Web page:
Rachelle Gardner, a literary agent I follow on Twitter, recently made the following statement:
A lot of writers are setting stories in the past to avoid dealing with internet, Facebook, text msging, etc. Not good!
I laughed when I read this. Not because I shy away from technology in Baby Grand. In fact, quite the opposite. I’ve incorporated both text messaging and social networking, such as Facebook, in my story, and enjoy doing so. But since I’ve been writing Baby Grand, I can’t tell you how many times I’ve kicked myself, wondering, Why did your novel have to be contemporary? Why couldn’t you write some damn science fiction or Victorian romance instead?
The reason is that because my novel is set in contemporary times, current events can impact it. Often I feel I’m at the whim or mercy of those current events, which help form the framework of my fictional story. For example, there is this underlying worry that I had while writing Baby Grand that Facebook will disappear from the planet and I will have to rework the role that social networking plays in my book. I remember when Mark Zuckerberg was named Time’s Man of the Year, a wave of relief washed over me as I thought: Whew! A company couldn’t crumble under the Man of the Year, can it? CAN IT?!
I even discussed it with my agent. “What if Facebook implodes?” I asked her, panic-stricken.
Calm and cool, she said, “Then there will be another social networking site to take its place. Don’t worry. Things like this are a common worry for first-time authors.”
I thought, Oh, okay, good. She’s not worried. Then I won’t be. Yay.
Still, I am compelled to stay on top of current events, since I think it’s important to understand what’s going on in the news so I can know whether to ignore it or acknowledge it in the book. Remember the recent ban on drop-side cribs? That impacted Baby Grand in a tiny way and will be something I address in this go-round of revisions. Luckily, that was just an easy fix.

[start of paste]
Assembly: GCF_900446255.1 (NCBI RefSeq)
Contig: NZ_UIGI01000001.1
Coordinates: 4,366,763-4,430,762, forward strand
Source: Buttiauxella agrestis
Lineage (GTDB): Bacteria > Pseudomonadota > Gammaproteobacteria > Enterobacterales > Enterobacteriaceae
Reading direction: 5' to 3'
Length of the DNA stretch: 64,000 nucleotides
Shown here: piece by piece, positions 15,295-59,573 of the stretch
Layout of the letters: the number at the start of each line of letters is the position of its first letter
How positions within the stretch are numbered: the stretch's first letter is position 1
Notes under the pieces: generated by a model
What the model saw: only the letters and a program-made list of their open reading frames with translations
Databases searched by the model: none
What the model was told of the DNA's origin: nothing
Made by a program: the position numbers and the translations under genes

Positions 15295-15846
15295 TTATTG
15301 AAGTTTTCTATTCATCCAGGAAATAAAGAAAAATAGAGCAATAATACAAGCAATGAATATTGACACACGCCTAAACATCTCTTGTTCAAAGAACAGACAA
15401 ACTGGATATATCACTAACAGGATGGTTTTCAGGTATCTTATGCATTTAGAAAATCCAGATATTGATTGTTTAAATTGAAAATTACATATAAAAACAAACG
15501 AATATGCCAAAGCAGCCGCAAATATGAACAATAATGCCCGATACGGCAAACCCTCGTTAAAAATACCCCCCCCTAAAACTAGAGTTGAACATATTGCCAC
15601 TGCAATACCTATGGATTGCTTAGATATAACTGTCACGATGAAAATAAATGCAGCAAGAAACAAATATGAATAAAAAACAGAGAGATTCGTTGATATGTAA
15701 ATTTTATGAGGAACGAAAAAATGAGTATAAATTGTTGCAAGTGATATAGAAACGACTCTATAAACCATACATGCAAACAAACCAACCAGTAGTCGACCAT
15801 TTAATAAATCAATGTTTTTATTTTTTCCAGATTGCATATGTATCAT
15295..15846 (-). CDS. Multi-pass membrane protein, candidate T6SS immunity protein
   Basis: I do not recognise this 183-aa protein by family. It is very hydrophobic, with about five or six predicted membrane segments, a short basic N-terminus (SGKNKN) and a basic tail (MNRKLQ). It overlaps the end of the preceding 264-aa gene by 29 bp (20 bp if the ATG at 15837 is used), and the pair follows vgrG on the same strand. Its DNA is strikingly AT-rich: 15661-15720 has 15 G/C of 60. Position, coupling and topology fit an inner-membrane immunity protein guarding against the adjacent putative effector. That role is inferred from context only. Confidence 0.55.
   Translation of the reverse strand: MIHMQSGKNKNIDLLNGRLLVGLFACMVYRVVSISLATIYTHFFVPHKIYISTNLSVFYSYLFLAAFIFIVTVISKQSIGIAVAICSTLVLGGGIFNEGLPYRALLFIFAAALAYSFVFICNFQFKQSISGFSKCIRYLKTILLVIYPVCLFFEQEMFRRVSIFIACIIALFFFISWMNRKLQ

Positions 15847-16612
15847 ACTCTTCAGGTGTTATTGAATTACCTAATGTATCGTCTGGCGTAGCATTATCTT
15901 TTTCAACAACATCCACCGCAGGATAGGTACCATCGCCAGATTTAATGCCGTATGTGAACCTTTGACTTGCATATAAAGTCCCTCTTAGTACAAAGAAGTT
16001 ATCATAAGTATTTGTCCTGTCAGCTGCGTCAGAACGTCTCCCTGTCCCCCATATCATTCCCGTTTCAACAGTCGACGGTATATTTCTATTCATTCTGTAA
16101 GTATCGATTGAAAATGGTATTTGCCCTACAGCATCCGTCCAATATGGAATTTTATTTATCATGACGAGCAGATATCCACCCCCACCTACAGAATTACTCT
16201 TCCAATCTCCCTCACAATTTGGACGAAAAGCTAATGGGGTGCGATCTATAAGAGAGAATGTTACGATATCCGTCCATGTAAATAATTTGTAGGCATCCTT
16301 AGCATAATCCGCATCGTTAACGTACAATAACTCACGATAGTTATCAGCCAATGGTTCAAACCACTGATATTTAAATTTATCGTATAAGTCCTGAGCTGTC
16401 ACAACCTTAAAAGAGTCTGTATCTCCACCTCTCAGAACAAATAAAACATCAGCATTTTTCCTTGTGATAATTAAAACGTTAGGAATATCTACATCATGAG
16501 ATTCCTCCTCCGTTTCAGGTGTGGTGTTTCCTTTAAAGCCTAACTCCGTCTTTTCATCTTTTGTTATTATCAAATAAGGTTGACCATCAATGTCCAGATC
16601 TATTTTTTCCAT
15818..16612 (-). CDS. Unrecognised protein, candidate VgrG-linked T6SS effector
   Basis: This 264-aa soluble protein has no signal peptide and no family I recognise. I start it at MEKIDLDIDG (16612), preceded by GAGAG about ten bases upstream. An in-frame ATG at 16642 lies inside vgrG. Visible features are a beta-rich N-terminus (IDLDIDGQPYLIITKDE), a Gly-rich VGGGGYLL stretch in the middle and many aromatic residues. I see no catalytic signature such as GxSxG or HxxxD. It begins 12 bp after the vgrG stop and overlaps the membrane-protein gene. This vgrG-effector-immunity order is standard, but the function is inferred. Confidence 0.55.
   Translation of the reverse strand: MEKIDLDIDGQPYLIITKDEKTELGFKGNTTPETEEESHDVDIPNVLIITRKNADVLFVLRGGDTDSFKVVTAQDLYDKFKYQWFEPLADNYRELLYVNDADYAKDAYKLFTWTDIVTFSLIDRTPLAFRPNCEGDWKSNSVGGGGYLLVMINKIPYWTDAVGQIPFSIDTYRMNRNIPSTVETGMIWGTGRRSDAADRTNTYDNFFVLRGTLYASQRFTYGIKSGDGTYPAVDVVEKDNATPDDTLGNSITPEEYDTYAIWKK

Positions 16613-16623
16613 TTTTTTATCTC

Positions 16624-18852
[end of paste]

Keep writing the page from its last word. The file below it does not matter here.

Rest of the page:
However, on Wednesday of this week, I read an AOL story about a U.S. manufacturer ending production of one of the main ingredients used in lethal injections. Under normal circumstances, I would probably have skimmed the story and that would have been it, but the death penalty is featured prominently in Baby Grand. I almost fell over when the writer spoke of the impact this could have on the death penalty in the U.S. and whether or not lethal injections would continue, since the Italian plant that the company wanted to switch production to is being pressured by the government not to sell the drug to the U.S. if it is to be used in executions.
Political views on capital punishment aside, this has a big impact on how my story is told. This means that I will have to stay tuned and make adjustments, alternate arrangements, additions, etc., which I don’t mind doing (in fact, there’s a part of me that loves doing, because it’s challenging), but, damn, this is stressful. Queen Victoria is looking better as a protagonist all the time. (Did she have a stutter?)
Alas, I have no plans to write any Victorian romance or science fiction. Maybe one day. (Never say never.) But right now, I’m a contemporary girl. A thriller girl. And, apparently, a literary masochist.